Independent committee warns that Clean Growth Strategy will require additional commitments to phasw out most polluting fossil fuel heating to meet emissions targets
The government must do more to “firm up” policies to improve energy efficiency in new buildings and phase out the most polluting fossil fuel heating if it is to realise its Clean Growth Strategy, the Committee on Climate Change (CCC) has said.
The CCC, an independent body that helps inform government on environment policy, said that the Clean Growth Strategy was ambitious, but did not go far enough with a view to curbing carbon emissions and improving the environmental impact of functions such as heating.
CCC chair Lord Deben argued that the broad ambitions contained within the government’s strategy in areas such as reforms of the energy grid were not on their own a sufficient means to shift the UK’s heating needs to lower carbon alternatives.
He said, “As it stands, the strategy does not deliver enough action to meet the UK’s emissions targets in the 2020s and 2030s. The government’s policies and proposals will need to be firmed up as a matter of urgency – and supplemented with additional measures – if the UK is to deliver on its legal commitments and secure its position as an international climate change leader.”
The CCC said following the publication of its own report on the strategy that the government should look to supplement existing milestones in the Clean Growth plan with additional targets. It is hoped this will help the Clean Growth Strategy meet the fourth and fifth carbon budget targets that run between 2023-2027 and 2028-2032 respectively. These budgets set limits on the UK’s carbon emissions so that they can, by 2050, be reduced by 80 per cent from levels recorded in 1990.
Particular risks have been raised by the CCC around meeting the emissions restrictions intended for the fourth carbon budget that is set to commence in five years. It findings have called for new domestic initiatives around energy efficiency in UK buildings that are not classed as housing low-income individuals.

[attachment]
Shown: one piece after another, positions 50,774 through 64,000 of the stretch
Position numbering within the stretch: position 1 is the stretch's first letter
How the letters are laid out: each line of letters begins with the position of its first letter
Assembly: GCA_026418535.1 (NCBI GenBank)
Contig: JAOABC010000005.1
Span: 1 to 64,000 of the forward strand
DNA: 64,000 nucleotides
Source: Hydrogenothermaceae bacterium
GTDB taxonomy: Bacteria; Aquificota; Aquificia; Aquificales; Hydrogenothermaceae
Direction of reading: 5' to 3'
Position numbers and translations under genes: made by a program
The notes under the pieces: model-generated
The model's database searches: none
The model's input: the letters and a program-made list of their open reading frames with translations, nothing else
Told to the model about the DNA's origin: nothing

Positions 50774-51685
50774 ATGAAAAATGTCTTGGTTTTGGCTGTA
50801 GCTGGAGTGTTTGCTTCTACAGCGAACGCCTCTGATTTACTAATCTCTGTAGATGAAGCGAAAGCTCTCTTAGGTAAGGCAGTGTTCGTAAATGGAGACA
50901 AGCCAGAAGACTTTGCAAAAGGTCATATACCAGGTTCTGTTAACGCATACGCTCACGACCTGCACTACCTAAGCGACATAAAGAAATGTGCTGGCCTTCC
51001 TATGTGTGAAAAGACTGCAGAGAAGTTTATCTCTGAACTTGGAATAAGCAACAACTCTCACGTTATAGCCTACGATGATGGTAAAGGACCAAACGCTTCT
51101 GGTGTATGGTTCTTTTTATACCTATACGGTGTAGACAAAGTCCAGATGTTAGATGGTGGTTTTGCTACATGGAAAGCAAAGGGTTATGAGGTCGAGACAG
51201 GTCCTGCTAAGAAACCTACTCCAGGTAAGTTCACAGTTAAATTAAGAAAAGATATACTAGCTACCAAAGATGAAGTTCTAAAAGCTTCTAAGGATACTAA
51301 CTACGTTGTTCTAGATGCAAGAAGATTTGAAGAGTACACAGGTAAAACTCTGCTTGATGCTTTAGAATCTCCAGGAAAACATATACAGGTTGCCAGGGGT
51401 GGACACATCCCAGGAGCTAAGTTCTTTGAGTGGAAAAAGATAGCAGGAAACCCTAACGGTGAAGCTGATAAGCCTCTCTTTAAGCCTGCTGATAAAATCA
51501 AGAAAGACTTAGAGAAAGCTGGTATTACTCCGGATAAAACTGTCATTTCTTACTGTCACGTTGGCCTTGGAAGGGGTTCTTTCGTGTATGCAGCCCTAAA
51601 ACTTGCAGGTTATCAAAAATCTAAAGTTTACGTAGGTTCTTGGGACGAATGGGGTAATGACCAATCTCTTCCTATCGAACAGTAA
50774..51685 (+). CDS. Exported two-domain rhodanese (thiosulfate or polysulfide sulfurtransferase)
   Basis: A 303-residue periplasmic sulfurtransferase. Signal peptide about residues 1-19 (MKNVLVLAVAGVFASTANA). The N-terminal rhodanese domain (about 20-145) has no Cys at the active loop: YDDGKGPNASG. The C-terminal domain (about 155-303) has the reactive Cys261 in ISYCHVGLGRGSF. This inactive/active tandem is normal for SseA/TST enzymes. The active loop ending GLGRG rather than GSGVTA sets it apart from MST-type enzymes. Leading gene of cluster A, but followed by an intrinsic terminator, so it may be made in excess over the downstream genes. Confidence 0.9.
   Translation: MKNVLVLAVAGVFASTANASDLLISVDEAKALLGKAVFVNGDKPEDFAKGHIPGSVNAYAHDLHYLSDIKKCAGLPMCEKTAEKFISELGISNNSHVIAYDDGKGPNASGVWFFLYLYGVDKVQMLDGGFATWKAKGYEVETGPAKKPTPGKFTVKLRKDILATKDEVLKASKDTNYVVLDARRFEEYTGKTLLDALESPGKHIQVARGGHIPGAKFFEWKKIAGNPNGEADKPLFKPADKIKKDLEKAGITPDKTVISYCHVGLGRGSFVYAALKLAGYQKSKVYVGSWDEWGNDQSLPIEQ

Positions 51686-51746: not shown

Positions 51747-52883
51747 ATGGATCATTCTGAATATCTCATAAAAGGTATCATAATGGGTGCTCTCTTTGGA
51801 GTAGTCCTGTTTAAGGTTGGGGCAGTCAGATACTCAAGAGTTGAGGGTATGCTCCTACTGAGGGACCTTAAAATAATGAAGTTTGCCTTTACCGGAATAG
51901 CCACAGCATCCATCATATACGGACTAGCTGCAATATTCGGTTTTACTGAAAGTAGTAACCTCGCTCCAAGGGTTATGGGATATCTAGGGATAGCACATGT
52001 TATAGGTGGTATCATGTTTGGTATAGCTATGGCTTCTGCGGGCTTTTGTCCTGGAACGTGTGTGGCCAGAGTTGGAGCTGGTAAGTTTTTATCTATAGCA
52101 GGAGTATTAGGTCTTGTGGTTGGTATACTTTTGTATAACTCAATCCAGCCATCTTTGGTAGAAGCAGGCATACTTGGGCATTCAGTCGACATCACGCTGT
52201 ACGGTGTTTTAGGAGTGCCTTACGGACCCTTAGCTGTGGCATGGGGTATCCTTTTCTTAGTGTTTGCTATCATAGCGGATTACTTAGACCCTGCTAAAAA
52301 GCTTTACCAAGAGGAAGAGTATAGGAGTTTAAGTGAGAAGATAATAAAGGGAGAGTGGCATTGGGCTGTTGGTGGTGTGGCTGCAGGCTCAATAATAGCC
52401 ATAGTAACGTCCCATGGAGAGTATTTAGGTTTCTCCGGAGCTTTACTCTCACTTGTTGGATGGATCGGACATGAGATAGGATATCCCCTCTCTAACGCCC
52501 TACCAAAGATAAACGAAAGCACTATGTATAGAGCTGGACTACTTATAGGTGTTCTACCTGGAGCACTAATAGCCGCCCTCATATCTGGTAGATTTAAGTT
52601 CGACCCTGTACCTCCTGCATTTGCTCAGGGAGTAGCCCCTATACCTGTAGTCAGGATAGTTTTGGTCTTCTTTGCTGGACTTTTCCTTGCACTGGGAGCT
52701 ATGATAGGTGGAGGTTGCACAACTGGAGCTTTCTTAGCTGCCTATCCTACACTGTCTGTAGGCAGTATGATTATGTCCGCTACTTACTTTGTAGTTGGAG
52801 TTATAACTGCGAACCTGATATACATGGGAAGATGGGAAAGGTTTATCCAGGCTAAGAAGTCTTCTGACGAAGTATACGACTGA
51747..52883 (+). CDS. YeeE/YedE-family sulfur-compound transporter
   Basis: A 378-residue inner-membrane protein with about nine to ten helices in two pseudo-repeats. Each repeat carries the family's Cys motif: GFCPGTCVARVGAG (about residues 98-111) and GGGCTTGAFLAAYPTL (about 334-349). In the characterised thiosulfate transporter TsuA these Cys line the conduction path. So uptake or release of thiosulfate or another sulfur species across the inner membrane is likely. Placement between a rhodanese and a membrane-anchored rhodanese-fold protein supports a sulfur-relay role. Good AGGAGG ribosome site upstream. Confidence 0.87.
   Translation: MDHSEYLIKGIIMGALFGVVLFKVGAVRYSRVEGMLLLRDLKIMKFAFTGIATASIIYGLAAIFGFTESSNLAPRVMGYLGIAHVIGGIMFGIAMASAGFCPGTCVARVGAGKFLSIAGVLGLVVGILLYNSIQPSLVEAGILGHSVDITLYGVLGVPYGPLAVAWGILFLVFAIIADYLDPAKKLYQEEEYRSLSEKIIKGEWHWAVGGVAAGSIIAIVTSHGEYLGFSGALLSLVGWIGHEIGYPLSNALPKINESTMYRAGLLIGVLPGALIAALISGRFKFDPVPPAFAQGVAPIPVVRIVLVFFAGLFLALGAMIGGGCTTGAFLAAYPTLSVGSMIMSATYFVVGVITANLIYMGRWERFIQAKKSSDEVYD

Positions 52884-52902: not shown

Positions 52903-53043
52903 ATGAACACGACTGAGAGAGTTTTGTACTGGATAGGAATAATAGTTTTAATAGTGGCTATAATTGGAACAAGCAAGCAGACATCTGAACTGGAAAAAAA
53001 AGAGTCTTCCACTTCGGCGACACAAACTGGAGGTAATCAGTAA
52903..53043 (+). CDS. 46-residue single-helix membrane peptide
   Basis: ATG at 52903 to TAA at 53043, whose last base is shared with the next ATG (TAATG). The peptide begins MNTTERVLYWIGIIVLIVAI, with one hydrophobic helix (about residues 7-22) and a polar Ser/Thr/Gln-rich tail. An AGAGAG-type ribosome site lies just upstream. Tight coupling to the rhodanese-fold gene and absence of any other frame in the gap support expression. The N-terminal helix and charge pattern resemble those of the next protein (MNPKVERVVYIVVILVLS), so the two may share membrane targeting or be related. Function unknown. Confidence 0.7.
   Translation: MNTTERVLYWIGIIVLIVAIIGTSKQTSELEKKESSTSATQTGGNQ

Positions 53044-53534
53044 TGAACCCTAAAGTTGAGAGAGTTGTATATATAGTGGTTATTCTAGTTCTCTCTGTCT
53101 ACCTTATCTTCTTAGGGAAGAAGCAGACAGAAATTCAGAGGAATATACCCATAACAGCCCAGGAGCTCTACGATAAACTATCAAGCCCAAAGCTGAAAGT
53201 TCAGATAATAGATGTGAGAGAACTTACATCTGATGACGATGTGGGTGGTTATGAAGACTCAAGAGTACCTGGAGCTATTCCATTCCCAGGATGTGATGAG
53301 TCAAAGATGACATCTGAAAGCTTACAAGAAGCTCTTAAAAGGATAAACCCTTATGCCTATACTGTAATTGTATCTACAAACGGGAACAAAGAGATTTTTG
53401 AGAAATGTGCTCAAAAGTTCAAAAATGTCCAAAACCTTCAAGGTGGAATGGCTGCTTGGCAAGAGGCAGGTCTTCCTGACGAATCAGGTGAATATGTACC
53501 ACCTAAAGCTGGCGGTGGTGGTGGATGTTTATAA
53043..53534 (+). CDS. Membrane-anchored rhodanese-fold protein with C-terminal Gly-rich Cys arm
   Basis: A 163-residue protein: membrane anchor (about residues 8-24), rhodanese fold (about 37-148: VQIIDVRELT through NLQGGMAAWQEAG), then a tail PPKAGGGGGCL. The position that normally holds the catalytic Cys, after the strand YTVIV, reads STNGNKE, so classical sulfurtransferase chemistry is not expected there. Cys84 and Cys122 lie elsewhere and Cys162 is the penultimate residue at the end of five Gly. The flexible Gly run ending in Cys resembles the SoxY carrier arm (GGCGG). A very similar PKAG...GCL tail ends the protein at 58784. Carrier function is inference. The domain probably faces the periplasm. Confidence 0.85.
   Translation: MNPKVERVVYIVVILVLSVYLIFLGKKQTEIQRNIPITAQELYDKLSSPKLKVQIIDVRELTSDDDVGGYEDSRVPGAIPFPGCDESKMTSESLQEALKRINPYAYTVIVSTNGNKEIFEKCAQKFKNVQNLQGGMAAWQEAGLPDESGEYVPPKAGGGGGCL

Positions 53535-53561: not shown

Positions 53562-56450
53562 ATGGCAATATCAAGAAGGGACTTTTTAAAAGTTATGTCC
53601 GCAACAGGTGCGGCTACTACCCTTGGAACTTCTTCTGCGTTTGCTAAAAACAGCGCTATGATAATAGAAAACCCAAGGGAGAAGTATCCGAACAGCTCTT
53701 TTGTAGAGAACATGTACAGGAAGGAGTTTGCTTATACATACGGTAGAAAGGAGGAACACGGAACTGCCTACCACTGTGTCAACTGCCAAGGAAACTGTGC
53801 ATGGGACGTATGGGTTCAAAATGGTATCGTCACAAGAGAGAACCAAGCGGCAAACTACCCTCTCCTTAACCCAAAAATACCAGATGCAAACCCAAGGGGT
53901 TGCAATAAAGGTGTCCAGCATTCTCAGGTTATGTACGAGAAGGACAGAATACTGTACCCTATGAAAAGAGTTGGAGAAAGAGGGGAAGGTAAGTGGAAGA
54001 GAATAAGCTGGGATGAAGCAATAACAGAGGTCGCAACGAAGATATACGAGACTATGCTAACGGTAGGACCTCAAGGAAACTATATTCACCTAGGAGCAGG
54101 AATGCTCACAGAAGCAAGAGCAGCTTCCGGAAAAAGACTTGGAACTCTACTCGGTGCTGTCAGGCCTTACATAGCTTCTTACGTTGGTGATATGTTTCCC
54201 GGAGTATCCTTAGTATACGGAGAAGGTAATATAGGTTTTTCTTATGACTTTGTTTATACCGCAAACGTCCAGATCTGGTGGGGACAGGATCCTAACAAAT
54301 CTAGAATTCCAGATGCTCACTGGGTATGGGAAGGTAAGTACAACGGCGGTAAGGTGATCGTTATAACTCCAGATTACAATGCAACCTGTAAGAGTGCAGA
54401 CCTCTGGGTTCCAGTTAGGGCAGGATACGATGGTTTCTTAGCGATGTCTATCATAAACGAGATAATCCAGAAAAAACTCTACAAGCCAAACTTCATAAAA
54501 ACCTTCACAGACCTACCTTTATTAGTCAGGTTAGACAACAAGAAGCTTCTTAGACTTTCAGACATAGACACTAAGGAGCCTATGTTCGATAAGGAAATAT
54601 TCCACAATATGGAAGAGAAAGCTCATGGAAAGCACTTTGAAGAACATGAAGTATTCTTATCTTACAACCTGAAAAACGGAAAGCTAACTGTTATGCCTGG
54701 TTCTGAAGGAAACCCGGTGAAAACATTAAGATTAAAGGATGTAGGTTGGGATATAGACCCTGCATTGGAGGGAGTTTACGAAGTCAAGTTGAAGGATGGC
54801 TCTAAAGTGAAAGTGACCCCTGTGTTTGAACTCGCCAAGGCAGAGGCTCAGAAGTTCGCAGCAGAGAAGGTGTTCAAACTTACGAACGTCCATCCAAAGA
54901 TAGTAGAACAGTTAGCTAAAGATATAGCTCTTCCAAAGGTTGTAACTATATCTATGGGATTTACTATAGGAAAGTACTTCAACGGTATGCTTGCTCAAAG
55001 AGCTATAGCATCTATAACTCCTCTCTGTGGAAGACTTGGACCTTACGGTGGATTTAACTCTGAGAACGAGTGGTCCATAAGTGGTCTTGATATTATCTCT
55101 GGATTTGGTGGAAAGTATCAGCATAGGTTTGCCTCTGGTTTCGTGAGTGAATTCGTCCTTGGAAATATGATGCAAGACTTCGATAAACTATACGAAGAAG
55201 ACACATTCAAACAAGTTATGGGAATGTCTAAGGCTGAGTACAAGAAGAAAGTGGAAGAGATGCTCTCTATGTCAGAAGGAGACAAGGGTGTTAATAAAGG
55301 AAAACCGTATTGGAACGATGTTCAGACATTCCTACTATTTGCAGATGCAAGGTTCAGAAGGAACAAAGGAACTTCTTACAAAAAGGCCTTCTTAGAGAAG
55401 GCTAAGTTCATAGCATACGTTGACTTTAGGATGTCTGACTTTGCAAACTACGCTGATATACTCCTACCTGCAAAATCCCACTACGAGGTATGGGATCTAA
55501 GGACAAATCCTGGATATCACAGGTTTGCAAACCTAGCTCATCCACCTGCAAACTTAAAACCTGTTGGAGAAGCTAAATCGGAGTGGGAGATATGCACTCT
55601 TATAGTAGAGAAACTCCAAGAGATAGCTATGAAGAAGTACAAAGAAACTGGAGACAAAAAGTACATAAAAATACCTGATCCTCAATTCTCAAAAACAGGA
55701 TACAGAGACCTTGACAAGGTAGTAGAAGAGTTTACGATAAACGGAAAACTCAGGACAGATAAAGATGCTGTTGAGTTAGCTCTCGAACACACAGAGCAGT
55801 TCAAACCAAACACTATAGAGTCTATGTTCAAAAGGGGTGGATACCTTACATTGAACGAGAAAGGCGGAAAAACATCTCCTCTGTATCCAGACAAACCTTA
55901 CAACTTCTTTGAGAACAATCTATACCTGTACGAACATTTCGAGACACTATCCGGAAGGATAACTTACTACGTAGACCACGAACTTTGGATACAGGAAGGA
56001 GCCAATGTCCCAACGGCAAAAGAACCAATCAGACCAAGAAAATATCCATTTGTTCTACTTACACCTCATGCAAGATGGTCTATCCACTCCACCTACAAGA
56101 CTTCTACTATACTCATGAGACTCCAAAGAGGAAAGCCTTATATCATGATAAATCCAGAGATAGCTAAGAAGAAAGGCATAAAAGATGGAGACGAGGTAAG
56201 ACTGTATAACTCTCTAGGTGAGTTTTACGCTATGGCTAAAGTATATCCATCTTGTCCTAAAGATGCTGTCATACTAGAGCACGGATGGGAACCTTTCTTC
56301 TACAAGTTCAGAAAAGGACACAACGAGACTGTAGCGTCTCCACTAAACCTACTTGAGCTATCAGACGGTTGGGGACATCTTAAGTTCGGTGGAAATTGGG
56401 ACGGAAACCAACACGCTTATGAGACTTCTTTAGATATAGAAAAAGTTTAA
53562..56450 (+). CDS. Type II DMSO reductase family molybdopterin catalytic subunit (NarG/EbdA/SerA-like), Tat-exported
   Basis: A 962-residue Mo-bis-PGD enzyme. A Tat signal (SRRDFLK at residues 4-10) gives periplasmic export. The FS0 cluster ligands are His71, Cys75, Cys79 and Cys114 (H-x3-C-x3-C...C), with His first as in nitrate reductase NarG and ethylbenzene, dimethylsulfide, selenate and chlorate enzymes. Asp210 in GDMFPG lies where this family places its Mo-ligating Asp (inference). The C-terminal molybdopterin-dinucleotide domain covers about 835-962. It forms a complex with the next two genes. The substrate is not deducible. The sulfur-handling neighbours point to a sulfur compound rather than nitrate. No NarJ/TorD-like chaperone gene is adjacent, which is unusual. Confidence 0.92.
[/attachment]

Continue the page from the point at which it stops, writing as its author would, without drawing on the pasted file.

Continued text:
The findings also back immediate efforts to ensure current heat networks are more reliant on low carbon sources.
A range of policies including moving the “most polluting” fossil fuel heating in homes and businesses off the gas grid and deploying carbon capture and storage technology at scale nationally by the 2030s have been put by forward as key recommendations from the CCC.
The CCC added, “Starting to phase out the installation of fossil fuel heating in homes off the gas grid is a sensible low-regrets strategy, given the higher heating costs and the need to develop supply chains and the heat pump market in order to keep open the option of high electrification of heat to 2050.”
“In practice, this means installing low carbon heating alongside insulation upgrades.”
“Policy gap” concerns
UK Green Building Council (UKGBC) chief executive Julie Hirigoyen welcomed the CCC’s assessment of the Clean Growth Strategy that she argued highlighted a “policy gap” that needed to be addressed to successfully achieve the upcoming carbon budget targets.
She said, “The CCC highlights the importance of buildings in bridging this policy gap, and UKGBC welcomes the focus on measures for our sector to achieve vital emissions reductions. With big housing targets and some of the draughtiest housing stock in Europe, it’s important we take action now to cut our emissions and make new buildings and infrastructure fit for the future.”
“We stand alongside the CCC in calling for robust energy efficiency regulations for rented homes; the introduction of performance-based labelling for commercial buildings; and high standards for new build properties. It’s essential that the recommended action plan for home energy efficiency is published as soon as possible to give us a fighting chance of meeting our carbon budgets.”